Teen with Family Anti-Vax Beliefs Who Sued School for Chicken Pox Ban Has Contracted Chicken Pox Instead
5He is allowed to return after the infection stage is over
Jerome will be allowed to return to school when his lesions have scabbed over which is the time the disease is no longer contagious. This was revealed by the Kentucky’s cabinet of Health and Family Services. Jerome hasn’t attended school since March 15th. The family, on the other hand, does not regret their decision of not getting Jerome vaccinated. They cite religious grounds for not doing so because some they feel that some vaccines are derived from legally aborted fetal cells and that according to their religion is immoral and sinful.
6What the family had to say
Speaking in an interview the attorney for the family said: “These are deeply held religious beliefs, they’ve sincerely held beliefs, from their perspective, they always recognized they were running the risk of getting it, and they were OK with it.”
“The ban was stupid,” he added. “He could have contracted this in March and been back to school by now.”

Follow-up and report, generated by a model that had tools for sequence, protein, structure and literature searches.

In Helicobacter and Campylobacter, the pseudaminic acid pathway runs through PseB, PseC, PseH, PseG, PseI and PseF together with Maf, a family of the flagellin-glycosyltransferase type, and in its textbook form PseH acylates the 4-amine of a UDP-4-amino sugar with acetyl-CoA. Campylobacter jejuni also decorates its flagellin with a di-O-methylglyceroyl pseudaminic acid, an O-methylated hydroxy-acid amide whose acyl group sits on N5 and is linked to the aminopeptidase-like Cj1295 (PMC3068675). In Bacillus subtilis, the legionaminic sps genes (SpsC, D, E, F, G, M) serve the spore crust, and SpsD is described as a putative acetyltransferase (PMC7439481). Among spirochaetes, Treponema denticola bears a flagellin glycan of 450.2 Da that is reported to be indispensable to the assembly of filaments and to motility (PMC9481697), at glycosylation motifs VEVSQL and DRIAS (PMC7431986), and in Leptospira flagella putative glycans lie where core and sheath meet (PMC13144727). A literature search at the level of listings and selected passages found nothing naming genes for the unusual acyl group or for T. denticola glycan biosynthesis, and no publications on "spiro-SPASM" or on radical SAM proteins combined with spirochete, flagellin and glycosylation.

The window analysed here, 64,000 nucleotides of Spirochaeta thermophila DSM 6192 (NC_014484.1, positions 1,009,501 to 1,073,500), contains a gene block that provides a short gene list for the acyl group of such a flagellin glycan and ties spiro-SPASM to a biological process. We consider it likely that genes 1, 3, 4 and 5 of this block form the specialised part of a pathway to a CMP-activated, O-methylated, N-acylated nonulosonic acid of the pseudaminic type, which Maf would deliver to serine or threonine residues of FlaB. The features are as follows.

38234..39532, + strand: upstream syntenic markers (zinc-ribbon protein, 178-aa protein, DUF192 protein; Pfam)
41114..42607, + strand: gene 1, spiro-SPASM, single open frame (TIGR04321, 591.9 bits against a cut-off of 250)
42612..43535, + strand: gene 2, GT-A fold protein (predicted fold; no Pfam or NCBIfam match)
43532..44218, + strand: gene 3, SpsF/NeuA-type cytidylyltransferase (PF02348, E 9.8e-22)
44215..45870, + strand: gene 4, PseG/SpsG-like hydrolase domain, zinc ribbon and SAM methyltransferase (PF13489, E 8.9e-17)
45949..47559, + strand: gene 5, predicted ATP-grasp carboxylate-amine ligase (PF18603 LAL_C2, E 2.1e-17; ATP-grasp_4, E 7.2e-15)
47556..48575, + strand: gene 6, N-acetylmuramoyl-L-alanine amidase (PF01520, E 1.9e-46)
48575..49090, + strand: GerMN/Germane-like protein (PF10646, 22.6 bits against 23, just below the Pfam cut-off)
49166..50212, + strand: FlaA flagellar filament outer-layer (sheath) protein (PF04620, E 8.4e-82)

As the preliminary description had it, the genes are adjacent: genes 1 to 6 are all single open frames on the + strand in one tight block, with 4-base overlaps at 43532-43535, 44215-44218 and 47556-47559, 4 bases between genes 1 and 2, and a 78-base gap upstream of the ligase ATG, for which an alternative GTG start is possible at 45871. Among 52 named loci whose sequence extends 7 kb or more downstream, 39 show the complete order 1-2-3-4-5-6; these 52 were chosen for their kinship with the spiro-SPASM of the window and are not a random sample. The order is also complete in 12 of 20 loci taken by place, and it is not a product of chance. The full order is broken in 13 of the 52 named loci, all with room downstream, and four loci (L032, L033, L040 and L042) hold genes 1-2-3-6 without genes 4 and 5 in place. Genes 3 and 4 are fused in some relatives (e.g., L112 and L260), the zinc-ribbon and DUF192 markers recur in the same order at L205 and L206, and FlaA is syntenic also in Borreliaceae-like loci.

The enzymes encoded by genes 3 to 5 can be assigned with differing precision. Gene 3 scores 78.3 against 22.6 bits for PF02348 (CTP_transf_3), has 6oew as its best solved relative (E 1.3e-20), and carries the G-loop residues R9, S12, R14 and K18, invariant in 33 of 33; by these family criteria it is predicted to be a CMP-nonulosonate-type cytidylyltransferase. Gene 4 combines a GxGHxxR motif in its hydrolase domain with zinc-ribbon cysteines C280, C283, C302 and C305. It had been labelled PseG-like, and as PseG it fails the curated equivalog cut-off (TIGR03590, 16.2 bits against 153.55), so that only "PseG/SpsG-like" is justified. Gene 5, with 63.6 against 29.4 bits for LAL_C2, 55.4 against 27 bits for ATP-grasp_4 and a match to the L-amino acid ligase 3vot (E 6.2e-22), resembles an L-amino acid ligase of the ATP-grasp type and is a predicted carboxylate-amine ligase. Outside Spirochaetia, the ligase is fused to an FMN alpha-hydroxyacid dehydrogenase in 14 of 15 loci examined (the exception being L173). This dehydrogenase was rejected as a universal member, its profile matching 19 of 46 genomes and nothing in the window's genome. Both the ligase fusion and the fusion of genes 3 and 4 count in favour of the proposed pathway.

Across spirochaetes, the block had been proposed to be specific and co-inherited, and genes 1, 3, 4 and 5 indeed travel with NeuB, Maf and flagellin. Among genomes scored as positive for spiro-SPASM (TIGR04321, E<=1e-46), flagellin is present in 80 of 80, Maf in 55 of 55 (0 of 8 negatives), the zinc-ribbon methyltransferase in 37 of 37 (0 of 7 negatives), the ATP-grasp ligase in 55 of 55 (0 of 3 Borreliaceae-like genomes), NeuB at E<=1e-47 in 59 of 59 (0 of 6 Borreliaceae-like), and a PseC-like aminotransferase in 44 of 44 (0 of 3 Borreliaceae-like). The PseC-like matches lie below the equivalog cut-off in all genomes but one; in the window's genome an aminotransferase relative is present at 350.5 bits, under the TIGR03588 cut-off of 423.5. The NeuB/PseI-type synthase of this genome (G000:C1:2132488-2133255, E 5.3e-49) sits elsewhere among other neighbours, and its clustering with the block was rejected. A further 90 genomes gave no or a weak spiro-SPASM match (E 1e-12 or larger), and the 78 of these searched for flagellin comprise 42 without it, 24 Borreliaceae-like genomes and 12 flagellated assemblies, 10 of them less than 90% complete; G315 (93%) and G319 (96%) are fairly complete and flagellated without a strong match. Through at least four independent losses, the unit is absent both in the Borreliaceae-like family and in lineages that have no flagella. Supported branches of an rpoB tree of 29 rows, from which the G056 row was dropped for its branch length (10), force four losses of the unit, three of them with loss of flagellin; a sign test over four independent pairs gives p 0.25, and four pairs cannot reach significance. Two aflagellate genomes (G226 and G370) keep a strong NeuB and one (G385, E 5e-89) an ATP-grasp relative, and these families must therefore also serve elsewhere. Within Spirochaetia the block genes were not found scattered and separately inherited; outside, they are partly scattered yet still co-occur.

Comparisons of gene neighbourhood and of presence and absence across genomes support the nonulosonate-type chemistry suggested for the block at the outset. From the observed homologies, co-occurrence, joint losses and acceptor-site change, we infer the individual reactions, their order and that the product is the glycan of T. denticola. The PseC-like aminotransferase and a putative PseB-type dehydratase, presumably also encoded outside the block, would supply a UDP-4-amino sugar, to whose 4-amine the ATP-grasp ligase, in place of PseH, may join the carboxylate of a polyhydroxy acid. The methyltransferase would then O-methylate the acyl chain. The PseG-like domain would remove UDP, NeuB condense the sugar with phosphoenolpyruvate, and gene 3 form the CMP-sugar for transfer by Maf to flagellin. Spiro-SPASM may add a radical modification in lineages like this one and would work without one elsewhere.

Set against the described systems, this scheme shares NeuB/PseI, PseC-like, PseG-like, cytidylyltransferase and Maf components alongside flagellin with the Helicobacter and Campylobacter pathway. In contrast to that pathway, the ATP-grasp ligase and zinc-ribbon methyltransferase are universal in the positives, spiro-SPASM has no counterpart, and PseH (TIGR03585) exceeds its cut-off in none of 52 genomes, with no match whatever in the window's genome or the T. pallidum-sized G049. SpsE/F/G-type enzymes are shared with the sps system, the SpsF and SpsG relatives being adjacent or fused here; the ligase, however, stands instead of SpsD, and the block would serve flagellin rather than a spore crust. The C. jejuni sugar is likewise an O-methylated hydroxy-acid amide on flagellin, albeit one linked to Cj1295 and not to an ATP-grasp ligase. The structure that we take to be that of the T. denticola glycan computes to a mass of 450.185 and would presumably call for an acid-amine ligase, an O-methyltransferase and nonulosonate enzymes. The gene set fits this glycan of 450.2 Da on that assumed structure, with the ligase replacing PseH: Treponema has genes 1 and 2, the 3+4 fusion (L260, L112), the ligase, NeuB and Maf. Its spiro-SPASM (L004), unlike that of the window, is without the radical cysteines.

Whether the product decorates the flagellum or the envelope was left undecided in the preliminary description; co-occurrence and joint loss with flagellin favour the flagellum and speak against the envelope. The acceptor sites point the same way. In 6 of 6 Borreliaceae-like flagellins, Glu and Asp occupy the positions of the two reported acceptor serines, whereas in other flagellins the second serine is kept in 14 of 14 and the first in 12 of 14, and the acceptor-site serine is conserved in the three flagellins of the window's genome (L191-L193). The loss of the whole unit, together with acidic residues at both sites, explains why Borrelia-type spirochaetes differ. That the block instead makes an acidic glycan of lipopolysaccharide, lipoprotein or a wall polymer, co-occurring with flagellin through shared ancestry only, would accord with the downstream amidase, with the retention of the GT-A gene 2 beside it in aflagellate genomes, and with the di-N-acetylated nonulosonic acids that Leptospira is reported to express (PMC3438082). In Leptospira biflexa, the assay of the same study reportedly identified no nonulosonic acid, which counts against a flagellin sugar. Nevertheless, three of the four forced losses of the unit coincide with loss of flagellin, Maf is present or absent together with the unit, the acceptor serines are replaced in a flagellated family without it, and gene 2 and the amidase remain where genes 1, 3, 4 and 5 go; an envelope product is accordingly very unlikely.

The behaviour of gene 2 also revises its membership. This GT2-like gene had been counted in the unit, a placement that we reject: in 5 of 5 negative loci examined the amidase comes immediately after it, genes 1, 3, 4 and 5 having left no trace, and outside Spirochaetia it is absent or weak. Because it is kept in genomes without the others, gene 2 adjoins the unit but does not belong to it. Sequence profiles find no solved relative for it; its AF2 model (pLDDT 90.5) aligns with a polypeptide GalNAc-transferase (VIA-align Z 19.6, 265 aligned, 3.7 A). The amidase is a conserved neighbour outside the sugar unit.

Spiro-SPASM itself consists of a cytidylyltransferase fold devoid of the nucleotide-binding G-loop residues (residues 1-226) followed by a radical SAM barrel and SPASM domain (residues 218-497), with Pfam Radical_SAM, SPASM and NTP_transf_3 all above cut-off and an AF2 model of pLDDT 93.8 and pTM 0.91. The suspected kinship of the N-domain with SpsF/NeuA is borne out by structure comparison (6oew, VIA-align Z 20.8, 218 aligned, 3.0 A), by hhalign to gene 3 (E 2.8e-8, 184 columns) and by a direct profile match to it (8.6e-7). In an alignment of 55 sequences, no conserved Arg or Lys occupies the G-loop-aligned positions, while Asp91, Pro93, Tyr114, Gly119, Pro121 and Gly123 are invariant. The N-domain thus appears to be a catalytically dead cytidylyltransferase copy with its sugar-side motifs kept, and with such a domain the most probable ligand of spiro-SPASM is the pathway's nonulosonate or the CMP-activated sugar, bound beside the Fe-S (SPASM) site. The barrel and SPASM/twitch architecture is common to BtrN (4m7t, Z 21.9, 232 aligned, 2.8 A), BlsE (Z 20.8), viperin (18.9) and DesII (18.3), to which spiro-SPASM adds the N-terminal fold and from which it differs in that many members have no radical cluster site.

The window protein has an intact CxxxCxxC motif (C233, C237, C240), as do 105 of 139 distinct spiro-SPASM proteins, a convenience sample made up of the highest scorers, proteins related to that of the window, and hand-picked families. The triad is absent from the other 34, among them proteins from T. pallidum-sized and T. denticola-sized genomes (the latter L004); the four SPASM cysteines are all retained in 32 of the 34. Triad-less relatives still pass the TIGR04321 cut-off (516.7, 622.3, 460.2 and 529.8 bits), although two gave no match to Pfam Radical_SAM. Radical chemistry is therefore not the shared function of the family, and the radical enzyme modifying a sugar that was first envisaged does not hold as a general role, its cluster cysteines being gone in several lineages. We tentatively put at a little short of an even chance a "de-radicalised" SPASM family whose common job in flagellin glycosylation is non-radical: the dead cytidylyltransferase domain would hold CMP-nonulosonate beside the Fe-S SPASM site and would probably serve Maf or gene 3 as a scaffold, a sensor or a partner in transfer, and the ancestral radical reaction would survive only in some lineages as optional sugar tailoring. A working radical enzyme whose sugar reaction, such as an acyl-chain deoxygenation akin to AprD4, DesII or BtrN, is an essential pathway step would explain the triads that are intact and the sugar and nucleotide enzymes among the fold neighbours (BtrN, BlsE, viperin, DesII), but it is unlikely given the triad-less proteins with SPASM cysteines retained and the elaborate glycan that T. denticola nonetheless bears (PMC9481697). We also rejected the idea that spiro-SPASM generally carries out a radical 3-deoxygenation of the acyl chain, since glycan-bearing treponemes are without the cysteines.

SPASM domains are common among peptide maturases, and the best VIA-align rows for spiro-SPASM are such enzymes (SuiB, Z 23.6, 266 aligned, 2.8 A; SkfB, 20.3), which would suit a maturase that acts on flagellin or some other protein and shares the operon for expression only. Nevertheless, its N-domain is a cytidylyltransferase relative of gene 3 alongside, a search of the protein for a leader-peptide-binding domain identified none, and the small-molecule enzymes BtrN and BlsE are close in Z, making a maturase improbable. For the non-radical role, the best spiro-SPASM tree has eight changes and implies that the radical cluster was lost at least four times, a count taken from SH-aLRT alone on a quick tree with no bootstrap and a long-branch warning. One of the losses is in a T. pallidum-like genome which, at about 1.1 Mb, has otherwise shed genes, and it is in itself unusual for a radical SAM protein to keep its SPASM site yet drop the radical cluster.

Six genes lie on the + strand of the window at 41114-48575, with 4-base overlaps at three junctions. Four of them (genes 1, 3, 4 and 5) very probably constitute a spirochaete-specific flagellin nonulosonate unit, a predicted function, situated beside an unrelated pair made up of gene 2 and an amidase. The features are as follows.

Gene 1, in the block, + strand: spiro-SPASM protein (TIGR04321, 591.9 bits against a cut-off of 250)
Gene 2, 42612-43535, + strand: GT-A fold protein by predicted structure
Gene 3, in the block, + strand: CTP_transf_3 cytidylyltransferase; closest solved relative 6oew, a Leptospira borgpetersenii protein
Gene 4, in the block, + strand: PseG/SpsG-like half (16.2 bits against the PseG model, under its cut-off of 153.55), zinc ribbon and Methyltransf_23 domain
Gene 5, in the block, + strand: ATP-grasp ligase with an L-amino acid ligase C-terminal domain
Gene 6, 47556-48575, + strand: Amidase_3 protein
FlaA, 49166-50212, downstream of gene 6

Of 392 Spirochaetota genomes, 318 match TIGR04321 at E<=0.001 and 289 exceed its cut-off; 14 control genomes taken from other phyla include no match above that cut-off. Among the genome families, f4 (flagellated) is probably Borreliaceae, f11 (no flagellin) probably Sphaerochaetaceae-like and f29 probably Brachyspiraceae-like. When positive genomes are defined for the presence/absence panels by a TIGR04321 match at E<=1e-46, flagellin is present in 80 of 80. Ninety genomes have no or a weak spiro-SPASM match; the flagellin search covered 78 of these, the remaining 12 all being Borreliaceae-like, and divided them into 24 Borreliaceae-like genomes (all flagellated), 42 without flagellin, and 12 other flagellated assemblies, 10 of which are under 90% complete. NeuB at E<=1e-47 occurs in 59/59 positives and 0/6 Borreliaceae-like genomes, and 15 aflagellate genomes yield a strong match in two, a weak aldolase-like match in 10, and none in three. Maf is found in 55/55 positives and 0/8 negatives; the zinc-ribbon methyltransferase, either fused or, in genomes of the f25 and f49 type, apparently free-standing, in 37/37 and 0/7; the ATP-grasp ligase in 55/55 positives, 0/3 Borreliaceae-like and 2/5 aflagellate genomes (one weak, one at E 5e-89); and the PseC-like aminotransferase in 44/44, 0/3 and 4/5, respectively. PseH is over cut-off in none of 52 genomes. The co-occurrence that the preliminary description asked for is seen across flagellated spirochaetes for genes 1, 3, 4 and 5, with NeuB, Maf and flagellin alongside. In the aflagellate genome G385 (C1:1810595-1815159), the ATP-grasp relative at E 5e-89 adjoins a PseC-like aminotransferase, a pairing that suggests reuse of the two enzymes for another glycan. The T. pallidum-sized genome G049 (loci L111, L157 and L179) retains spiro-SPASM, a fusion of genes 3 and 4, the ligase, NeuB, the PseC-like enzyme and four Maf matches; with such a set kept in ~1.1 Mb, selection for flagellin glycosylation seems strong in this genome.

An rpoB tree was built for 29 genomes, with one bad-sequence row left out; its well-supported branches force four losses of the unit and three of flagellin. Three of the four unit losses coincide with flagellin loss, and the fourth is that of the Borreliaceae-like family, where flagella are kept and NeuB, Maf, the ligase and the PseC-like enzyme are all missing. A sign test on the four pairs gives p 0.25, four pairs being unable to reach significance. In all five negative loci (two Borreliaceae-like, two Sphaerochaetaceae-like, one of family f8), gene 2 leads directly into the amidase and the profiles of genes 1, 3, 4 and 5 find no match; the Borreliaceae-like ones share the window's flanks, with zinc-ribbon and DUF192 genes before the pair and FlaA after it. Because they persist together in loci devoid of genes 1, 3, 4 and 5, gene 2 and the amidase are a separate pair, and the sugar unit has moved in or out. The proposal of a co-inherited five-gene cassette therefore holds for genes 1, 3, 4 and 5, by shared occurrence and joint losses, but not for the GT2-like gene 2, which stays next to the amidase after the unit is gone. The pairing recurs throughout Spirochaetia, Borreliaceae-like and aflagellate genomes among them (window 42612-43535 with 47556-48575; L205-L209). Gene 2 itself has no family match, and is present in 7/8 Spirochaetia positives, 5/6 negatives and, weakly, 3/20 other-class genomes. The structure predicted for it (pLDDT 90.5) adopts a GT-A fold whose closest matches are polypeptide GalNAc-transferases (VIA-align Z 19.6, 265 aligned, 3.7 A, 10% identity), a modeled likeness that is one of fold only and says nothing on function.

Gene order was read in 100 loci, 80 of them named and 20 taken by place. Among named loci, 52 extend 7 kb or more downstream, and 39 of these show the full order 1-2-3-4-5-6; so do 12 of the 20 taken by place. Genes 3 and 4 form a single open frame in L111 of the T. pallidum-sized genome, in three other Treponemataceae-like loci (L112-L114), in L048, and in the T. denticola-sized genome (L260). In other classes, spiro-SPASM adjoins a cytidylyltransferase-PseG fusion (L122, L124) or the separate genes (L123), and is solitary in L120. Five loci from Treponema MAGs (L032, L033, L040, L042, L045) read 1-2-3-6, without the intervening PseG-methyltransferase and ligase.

7What the family had to say
It might seem unfair to many that Kunkel had to miss school and then also contract chickenpox later but one needs to see that the ban was in the larger interest of the community and it is never about just one individual. If Kunkel was coming down with chickenpox, he would have affected several other children since the condition is highly contagious.
8The CDC advises against traditional methods
The CDC or The Center for Disease Control and Prevention advises against such bizarre practices as “chicken pox parties” which is an outdated and weird way to control the virus. This was before the vaccine was invented where children were made to get chicken pox so that their risk of acquiring it, later on, was reduced a lot. Once you contract chicken pox, it’s highly unlikely that you will contract it again.